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April Newsletter from RISAS
April Newsletter from RISAS
Mary Slattery
Wednesday, April 03, 2019


Parenting & Stress: Developing Your Own Coping Strategies

Stress is an inevitable aspect of today's parenting.  First, the stress you feel as a parent will continue throughout course of your life.  The sources of that stress, and how best to deal with it, is what changes as you and your children grow. The following techniques can be used by any parent to reduce stress and increase their enjoyment of parenting.

#1 Establish support systems

Establishing a support system early will lay a foundation for parents in the years to come.  Like a well-stocked emergency kit, it pays to have a system in place before you need it. There are two ways to go about building support systems.

First, accept the help that is offered. Be sure to let people know you intend to take them up on their generous offer, and follow through.  You may not need someone to bring dinner over or walk the dog right now, but these simple favors can be life-savers later on.  

Second, seek the help you need. You don’t have to just wait around for people to make offers. Those who can afford to have a cleaning service or cook should do research and interviews in advance, so when the need hits, they are ready. Because full time help can be pricey, consider a short term or temporary arrangement. Those small time savings can be a big stress relief.

If paying for outside help is out of the question, look to friends and family.  There are also several professional organizations that can provide free or inexpensive support. Sources of support can be found in schools, parenting groups and places of worship.  

#2 Take the time to do fun things

One of the best parts of being a parent is getting to have fun with your kids. Unfortunately, this message sometimes gets lost in today’s atmosphere of academic competition.   

It is important to remember that not everything you do with your child has to be resume-worthy. Simply spending time with them, running around at a park or doing something around the house is immensely valuable.  Even just 20 minutes a week can give you both a well needed respite from the stresses of everyday life. 

Kids who are used to doing enjoyable things with their parents are more likely to open up about their lives, fears and challenges as they grow. 


#3 Corral the chaos

Household stress falls into two major categories: Location and Time. Location is having things where they can be found when needed. Time is being able to get where you need to be by a certain deadline. 

Common challenges are backpacks, extracurricular supplies and school lunches. Backpacks should go in the same spot.  Once you’ve established where things go, get in the routine of placing them there every day. 

Other time management techniques can reduce parental stress. Daily occurrences like meals and going to bed should take place at the same time every day. Be sure to set time limits for each activity to keep things moving along. 

#4 Seek out professional help

Sometimes things will inevitably be too much for you to deal with on your own.  A parent may have to cope with a child who suffers from a physical, mental health, or behavioral issue. When you recognize that you’re feeling overwhelmed, take action. Enlist the help of a licensed mental health professional.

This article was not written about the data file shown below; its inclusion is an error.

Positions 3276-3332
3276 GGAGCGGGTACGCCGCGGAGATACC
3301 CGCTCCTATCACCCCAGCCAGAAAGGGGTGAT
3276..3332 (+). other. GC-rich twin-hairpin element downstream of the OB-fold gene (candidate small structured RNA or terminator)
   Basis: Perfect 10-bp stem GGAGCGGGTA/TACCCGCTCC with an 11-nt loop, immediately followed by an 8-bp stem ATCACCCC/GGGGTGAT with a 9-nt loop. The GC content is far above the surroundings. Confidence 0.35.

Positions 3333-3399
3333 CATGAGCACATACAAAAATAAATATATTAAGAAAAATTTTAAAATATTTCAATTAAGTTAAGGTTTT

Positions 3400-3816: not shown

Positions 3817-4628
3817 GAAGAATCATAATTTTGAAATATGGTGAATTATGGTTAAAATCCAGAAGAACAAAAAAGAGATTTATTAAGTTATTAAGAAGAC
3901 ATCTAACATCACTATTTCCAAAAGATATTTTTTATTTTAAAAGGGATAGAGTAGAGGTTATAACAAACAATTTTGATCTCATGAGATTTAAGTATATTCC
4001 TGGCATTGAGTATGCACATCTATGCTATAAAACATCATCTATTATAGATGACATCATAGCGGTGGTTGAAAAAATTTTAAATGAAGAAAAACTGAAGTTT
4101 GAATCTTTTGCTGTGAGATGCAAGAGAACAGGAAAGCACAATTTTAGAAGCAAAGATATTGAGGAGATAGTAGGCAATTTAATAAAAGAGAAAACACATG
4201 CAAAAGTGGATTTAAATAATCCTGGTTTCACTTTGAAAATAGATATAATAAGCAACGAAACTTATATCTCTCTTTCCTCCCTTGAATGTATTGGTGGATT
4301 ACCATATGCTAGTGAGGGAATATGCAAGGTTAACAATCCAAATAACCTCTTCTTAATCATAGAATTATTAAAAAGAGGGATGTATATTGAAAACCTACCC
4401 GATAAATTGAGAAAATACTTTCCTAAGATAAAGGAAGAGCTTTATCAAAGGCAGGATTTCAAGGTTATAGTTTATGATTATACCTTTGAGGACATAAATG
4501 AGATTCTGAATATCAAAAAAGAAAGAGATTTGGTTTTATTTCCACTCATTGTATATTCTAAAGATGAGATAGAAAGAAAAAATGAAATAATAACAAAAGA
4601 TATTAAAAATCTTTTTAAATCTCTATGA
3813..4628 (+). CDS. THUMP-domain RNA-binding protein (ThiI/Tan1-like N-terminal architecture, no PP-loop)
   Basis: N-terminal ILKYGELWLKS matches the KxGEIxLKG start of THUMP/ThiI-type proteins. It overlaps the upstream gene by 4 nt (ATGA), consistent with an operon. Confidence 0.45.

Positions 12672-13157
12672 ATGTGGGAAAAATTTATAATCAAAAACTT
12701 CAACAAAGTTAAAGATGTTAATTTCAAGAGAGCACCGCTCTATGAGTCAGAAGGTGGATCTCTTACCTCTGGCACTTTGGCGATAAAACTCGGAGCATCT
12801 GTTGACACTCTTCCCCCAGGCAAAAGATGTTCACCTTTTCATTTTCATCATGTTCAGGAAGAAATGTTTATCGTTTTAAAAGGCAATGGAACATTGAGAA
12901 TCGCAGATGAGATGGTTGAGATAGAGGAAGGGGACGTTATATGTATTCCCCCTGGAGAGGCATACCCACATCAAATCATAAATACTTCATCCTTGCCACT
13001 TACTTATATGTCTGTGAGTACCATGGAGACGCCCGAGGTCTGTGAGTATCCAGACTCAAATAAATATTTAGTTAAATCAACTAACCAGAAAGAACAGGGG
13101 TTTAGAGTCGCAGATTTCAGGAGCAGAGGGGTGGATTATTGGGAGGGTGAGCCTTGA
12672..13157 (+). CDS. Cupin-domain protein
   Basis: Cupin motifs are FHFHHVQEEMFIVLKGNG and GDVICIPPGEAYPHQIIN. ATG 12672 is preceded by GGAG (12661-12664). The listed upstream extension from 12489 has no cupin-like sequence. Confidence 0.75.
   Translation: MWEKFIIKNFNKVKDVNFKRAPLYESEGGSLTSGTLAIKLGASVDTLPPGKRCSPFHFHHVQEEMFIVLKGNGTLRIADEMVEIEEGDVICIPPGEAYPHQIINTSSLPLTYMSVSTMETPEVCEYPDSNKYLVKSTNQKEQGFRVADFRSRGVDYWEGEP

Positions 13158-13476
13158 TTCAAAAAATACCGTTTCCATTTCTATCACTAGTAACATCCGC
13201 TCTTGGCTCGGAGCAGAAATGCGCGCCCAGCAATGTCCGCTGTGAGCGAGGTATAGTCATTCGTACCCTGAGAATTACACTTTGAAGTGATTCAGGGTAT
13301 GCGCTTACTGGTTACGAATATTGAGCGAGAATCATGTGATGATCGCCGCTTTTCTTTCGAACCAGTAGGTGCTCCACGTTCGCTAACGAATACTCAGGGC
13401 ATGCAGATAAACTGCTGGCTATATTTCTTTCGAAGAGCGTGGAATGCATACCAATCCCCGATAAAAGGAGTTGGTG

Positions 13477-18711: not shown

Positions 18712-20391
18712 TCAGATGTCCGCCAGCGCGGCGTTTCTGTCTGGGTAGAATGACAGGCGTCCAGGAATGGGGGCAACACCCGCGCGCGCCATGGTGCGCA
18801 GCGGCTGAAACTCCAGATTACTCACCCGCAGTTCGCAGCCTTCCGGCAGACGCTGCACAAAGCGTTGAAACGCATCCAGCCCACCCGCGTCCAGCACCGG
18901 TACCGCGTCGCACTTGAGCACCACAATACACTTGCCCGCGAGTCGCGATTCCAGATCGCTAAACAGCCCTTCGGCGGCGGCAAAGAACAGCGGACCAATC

It can be confusing to choose what help is best suited for your situation. Counselors, psychologists and psychiatrists each have strengths suited to particular problems. Simply discussing your stress can often go a long way to making it disappear.


Counselors will have at least a Master’s Degree in marriage and family therapy or counseling. They primarily use talk therapy to help people manage their problems. Parents may turn to a counselor when trying to handle anxiety issues, eating disorders, life changes, or relationship issues.


Psychologists in private practice and clinical psychologists will have a Ph.D. or Psy.D. and can handle all of the same issues as a counselor. Additionally, they administer diagnostic or psychological tests and consult with other healthcare professionals on a comprehensive approach to patient treatment.  


Psychiatrists are medical doctors who have specialized in psychiatry. They can diagnose mood disorders like depression and anxiety, and have expertise in severe psychological problems like schizophrenia, bipolar disorder, or major depression. They also treat these disorders. 

If you’re not sure who exactly you should see, it doesn’t matter. The most important thing is that you just reach out for help. Any reputable professional will tell you if they are suited to your needs or point you in the right direction. Just like any other relationship, the one with your mental health provider is a personal one. Don’t fall victim to any imagined stigma. It is not a failure on your part to get professional help; rather it is the mark of a caring and competent parent. It is also an opportunity to impart a life lesson: mental health is just as important as physical health. No one is stigmatized for seeing a doctor about their physical problems, so why should they feel ashamed for addressing their mental health?  


Parenting and stress go together like peanut butter and jelly. You can’t have one without some measure of the other. As a parent you will never eliminate stress entirely, but that doesn’t mean you’re powerless. There are methods available for every parent to effectively reduce and manage their stress.